This paper examines and compares how a range of western or ‘westernised’ nations regard and approach the economic dimension of death in terms of the costs of laying their members to rest in a customary, ritualised and meaningful manner. Drawing on a Sun Life Direct funded research project conducted in 2012 into welfare provision for funerals, the paper will examine the way in which people who struggle to pay for a funeral are supported in a variety of countries. Countries in the study include Britain, Canada, United States, France, Germany, Greece, Irish Republic, Italy, Spain Denmark, Norway and Sweden, Switzerland and Japan. Presented in terms of Esping-Anderson’s conceptualisation of different welfare regime types, the paper considers the nature and role played by social welfare provision in ensuring that dead people are properly cared for, according to their own and/or their survivors’ wishes. In so doing, it identifies similarities and differences between countries with regard to the nature and extent of social support for those who are unable to afford the expense of a funeral without incurring significant debt, with a view to generating an international dialogue on the intersection of funeral ritual, culture, policy and finances.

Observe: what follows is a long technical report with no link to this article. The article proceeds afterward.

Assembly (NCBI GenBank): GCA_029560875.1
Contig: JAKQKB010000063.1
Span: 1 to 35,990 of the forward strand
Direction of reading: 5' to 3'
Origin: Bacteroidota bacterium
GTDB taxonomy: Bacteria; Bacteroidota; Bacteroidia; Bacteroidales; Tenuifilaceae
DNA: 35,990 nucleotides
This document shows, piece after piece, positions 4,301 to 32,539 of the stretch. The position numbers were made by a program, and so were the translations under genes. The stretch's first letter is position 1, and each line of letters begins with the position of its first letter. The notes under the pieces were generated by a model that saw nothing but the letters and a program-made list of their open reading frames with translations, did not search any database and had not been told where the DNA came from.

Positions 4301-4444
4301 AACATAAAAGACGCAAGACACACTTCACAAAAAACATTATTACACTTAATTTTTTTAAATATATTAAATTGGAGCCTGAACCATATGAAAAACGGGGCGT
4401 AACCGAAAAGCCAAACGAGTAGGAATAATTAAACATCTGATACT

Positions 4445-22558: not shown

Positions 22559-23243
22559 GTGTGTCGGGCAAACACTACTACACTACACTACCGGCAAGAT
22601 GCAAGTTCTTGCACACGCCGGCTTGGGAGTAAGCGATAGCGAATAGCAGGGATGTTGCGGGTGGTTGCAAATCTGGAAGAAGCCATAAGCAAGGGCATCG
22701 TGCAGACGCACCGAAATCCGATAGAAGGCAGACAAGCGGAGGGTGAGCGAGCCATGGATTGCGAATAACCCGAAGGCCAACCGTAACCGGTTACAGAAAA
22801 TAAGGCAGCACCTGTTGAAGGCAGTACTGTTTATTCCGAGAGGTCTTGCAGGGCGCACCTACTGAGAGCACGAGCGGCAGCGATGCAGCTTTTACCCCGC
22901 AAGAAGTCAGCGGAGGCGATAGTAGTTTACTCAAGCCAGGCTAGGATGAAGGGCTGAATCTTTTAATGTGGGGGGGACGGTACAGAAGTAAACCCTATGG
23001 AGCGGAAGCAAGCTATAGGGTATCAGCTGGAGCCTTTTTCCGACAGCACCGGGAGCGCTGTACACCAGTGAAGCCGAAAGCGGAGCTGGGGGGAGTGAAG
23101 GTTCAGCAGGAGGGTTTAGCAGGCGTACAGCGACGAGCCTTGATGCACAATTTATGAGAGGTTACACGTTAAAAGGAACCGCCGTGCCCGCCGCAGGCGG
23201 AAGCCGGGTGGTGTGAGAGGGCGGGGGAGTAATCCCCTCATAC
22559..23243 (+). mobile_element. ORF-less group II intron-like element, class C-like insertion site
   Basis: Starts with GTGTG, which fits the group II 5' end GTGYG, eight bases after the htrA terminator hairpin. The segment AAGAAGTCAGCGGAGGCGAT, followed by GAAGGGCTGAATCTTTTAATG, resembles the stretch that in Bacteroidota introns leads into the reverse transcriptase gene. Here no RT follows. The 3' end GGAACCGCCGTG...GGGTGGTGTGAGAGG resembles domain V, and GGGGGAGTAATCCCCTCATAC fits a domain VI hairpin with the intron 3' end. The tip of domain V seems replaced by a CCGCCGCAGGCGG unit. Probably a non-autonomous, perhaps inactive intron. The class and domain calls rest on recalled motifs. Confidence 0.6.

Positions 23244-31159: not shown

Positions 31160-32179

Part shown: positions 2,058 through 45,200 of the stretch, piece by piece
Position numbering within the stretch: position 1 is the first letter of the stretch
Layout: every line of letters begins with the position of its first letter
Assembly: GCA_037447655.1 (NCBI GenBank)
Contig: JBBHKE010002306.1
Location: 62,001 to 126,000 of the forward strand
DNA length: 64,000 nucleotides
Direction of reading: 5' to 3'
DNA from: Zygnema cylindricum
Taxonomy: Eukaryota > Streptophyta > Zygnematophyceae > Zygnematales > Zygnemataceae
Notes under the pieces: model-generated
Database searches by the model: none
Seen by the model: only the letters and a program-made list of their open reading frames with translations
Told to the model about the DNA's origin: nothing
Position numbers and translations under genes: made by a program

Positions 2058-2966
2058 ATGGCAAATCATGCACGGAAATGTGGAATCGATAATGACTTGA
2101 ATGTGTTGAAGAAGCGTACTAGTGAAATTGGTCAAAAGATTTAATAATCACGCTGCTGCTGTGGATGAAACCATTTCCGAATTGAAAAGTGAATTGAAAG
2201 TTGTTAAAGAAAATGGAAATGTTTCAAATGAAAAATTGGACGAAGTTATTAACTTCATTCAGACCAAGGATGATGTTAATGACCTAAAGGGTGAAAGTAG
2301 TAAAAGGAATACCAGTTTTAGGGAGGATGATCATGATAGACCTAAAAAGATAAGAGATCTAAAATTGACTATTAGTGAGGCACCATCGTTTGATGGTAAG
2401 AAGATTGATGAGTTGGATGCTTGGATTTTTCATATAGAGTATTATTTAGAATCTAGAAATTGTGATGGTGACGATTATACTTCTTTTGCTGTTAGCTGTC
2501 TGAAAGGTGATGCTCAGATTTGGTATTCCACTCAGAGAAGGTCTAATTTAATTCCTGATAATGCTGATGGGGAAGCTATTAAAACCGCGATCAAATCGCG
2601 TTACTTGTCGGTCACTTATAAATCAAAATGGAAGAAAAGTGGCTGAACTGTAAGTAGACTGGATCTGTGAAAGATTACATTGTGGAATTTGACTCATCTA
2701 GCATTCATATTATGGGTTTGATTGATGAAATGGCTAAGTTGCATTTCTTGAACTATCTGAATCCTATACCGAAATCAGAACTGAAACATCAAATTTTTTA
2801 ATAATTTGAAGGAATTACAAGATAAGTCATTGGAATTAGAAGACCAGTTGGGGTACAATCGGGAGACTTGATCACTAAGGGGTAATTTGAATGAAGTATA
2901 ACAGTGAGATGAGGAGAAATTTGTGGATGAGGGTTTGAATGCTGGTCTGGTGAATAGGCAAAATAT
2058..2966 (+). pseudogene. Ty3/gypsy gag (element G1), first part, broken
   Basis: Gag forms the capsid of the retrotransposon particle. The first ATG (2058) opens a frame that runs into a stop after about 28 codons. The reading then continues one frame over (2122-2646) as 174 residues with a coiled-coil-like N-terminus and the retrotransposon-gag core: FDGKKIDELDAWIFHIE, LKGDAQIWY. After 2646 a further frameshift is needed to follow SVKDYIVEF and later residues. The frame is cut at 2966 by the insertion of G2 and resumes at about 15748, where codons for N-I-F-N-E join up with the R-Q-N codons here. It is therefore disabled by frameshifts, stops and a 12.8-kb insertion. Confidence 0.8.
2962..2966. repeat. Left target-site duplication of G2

|Publication status||Published - 2012|
|Event||Mortality, Death and Dying: philosophical and social perspectives - Helsinki, Finland|
Duration: 22 Aug 2012 → 24 Aug 2012
|Conference||Mortality, Death and Dying: philosophical and social perspectives|
|Period||22/08/12 → 24/08/12|